Anisotropic iron-doping patterns in two-dimensional cobalt oxide nanoislands on Au(111)
An integrated approach combining density functional theory (DFT) calculations and atomic resolution scanning tunneling microscopy (STM) is used to study well-defined iron-doped cobalt oxide nanoislands supported on Au(111). The focus is on the structure and distribution of Fe dopants within these nanoislands of CoO as a function of Fe to Co ratio. The DFT and STM results agree strongly and complement each other to allow for a more complete understanding of the dopant structure trends on the nanoscale. Using Fe as a marker, we first find that the stacking sequence of the moiré structure of the host cobalt oxide nanoislands can be identified unambiguously through a combination of DFT and STM. Using the distinct contrast of the embedded Fe dopant atoms as observed with atom-resolved STM, we find correlations between Fe dopant position and the CoO/Au(111) moiré pattern at varying Fe dopant densities. Formation of Fe-dopant clusters within the nanoislands is investigated in detail through DFT and found to agree with the dopant patterns observed in STM. We find that the structural effects of Fe dopants throughout the nanoislands with the basal planes and the two types of edges—the oxygen and metal edges—have different nature. Both DFT calculations and STM images show a strong preference for Fe dopants to be located directly on or near the oxygen edge of the nanoislands as opposed to being directly on or near the metal edge. Taken together, our results illustrate that Fe dopant incorporation and distribution within CoO nanoislands are highly anisotropic and governed by both the moiré structure of the basal planes as well as nano-size effects present at the under-coordinated edges of different local geometry and chemistries.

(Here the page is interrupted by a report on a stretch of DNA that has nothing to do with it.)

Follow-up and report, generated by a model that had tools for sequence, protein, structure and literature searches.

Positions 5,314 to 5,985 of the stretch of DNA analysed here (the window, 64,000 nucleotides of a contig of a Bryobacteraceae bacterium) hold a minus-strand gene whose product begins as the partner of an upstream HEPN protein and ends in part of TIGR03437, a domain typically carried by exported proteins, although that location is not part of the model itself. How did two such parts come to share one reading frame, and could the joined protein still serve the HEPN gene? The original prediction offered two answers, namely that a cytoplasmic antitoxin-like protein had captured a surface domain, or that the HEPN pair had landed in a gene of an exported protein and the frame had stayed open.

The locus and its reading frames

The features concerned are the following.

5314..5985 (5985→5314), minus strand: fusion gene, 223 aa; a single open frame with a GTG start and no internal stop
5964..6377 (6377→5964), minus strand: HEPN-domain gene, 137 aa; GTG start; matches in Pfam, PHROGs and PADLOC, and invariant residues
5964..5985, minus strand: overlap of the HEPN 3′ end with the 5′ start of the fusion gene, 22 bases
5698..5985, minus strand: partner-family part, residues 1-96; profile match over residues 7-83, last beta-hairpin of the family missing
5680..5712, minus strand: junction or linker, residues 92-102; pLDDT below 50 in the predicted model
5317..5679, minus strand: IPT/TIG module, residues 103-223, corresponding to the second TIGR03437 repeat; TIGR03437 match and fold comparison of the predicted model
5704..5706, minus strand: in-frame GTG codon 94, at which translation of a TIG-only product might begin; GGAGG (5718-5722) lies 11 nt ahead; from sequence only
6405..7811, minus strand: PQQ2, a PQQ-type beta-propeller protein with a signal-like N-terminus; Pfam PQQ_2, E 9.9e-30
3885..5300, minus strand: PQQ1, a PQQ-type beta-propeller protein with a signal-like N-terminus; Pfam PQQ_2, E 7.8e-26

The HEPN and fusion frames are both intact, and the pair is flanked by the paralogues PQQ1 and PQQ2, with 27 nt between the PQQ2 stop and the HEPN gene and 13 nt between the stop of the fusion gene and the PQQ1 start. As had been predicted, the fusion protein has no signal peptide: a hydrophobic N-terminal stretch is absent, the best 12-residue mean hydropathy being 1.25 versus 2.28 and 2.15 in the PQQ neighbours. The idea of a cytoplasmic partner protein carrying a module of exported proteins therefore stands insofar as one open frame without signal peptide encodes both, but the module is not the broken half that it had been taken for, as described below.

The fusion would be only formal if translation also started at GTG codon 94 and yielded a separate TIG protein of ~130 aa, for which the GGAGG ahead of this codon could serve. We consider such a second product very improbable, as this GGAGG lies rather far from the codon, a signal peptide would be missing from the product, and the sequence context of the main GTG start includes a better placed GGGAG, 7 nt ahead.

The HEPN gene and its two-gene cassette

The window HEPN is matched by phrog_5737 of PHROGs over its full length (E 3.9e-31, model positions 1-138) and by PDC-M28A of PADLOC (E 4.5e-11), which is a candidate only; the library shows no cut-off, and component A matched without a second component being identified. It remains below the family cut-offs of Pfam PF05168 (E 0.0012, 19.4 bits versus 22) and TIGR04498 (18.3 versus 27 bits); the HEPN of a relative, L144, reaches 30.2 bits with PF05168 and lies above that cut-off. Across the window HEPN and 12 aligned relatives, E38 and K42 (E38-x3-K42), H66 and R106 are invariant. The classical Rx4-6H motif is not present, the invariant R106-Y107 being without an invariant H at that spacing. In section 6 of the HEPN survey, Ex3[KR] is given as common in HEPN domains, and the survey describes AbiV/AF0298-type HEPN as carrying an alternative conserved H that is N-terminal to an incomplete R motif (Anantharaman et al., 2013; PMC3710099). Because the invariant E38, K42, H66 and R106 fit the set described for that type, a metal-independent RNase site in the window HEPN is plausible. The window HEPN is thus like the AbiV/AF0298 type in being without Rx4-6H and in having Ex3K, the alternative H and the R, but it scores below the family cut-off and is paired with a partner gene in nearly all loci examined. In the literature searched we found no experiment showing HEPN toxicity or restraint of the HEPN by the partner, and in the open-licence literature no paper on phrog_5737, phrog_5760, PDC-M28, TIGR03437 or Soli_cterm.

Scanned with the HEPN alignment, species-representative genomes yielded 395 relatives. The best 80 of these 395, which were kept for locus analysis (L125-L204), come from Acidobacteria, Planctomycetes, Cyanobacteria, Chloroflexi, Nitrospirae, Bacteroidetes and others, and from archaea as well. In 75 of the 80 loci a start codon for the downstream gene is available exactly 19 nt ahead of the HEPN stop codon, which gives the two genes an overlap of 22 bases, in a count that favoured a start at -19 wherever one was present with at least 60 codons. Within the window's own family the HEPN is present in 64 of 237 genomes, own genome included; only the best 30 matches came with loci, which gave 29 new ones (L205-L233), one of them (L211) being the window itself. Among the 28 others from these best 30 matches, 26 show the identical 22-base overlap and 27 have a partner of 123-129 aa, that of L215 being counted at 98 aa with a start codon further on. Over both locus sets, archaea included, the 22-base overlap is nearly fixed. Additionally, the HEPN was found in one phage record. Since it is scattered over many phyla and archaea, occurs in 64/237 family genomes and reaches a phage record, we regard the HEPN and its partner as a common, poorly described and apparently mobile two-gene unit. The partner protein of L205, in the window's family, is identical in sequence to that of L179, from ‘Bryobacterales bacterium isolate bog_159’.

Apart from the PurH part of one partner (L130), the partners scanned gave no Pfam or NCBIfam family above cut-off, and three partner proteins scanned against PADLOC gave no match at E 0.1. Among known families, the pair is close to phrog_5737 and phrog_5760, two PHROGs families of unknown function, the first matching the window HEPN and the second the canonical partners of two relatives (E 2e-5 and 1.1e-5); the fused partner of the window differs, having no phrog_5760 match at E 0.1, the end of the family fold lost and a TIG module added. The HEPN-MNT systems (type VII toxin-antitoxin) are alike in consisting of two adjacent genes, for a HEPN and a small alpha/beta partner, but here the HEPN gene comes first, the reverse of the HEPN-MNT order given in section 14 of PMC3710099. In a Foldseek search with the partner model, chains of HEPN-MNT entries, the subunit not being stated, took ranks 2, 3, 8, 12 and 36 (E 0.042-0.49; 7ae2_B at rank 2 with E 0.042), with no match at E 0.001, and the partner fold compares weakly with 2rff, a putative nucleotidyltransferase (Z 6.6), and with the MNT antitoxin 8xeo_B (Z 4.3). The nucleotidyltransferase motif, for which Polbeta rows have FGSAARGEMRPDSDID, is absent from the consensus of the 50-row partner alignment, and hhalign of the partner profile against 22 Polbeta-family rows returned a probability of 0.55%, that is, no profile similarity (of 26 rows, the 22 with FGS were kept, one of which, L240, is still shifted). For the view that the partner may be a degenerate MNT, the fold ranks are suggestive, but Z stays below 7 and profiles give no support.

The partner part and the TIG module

Keywordsscanning tunneling microscopy (STM) density functional theory (DFT) cobalt oxide transition metal oxides mixed transition metal oxides
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A. V. acknowledges the Canadian Institute for Advanced Research (CIFAR) for support through the Bio-inspired Solar Energy Program. J. V. L. and J. R.-F. acknowledge the VILLUM foundation. Z. Z. S. would like to acknowledge financial support from the China Scholarship Council (CSC). L. Z., T. T., and A. V. would like to acknowledge the use of the computer time allocation at the National Energy Research Scientific Computing Center (NERSC), a DOE Office of Science User Facility supported by the Office of Science of the U.S. Department of Energy under Contract No. DE-AC02-05CH11231, and the Extreme Science and Engineering Discovery Environment (XSEDE) supported through National Science Foundation Energy under Award Number CHE160084.
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